Residents in polluted village with lead poisoning, but no remedies prescribed
VietNamNet Bridge - Social organizations have repeatedly rung the alarm over the high level of pollution in craft villages. And the government has spent large sums of money to clean the villages but pollution has become more serious.


Vietnam, craft villages, environment pollutionVietnam, craft villages, environment pollution

Deputy Minister of Health Nguyen Thanh Long and ministry officials recently paid a fact-finding tour to Dong Mai lead recycling Village in Hung Yen province, the locality well known for the high number of adults and children contaminated with lead.

Of the 317 children in Dong Mai Village who were tested recently, 207 were found as having a lead concentration of 10-44.9 mcg/dl in blood. 

Meanwhile, experiments carried out in Dong Mai Hamlet found that water contained lead concentration 1,000 times higher than the permitted level. 

The soil was found as having lead concentration 10-16 times higher than standard. As a result, the vegetables grown on the soil have lead concentration 1.3 times higher than the permitted level.

Like Dong Mai, all the other existing craft villages throughout the country are facing serious environmental problems.

A 2014 report from the Ministry of Planning and Investment shows that Vietnam had 5,407 craft villages which can be classified into six major groups. Most of the residents in the villages have common health problems.

In food processing, animal husbandry and slaughtering villages, which account for 20 percent of the total craft villages, people mostly suffer skin and digestive diseases. 

Meanwhile, residents in weaving and tanning villages, accounting for 17 percent of villages, suffer from respiratory, mental and digestive diseases.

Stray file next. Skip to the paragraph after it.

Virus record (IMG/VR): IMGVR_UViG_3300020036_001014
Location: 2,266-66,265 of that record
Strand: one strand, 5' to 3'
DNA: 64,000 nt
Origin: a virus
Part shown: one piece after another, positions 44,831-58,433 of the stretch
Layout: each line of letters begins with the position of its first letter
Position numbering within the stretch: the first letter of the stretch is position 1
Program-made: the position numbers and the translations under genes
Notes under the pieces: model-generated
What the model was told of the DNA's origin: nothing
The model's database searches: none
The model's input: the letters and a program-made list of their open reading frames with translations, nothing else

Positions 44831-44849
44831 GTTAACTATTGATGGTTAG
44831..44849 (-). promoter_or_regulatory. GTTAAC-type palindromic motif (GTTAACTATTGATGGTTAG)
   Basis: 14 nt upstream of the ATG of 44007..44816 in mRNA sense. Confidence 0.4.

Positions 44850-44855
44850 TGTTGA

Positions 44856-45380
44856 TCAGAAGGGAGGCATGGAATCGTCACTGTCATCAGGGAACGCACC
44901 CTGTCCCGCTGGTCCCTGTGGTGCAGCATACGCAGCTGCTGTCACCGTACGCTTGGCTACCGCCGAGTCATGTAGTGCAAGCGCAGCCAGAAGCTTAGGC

Scientists have found a high percentage of people catching cancer in metal recycling villages, which account for 4 percent of total villages. 

Nguyen Lien Huong, a senior official of the Ministry of Health, have warned that locals in 85 metal recycling villages, including Dong Mai, in 24 provinces and cities are exposed to heavy metal contamination. 

The villagers are more well-off than others who earn their living with agricultural production, but the environment and their health are alarmingly worrying.

Dong Mai villagers have been earning their living by recycling lead from old batteries collected from all over the country for the last 30 years. 

Van Lam District’s Deputy Chair, Nguyen Van Thuy, said 277 people were directly involved in lead recycling, while 13 households recycled lead in their residential quarters. 

The recycling workshops still have not been relocated despite drastic measures taken by the local authorities.

When asked about the damaging effects caused by lead poisoning, Dr. Pham Due from Bach Mai Hospital said, though the toxic land has been replaced with clean land, children born after the replaced land could still have a lead concentration in blood at over 60 mcg/dl. 

Kim Chi

Vietnam, craft villages, environment pollution
 
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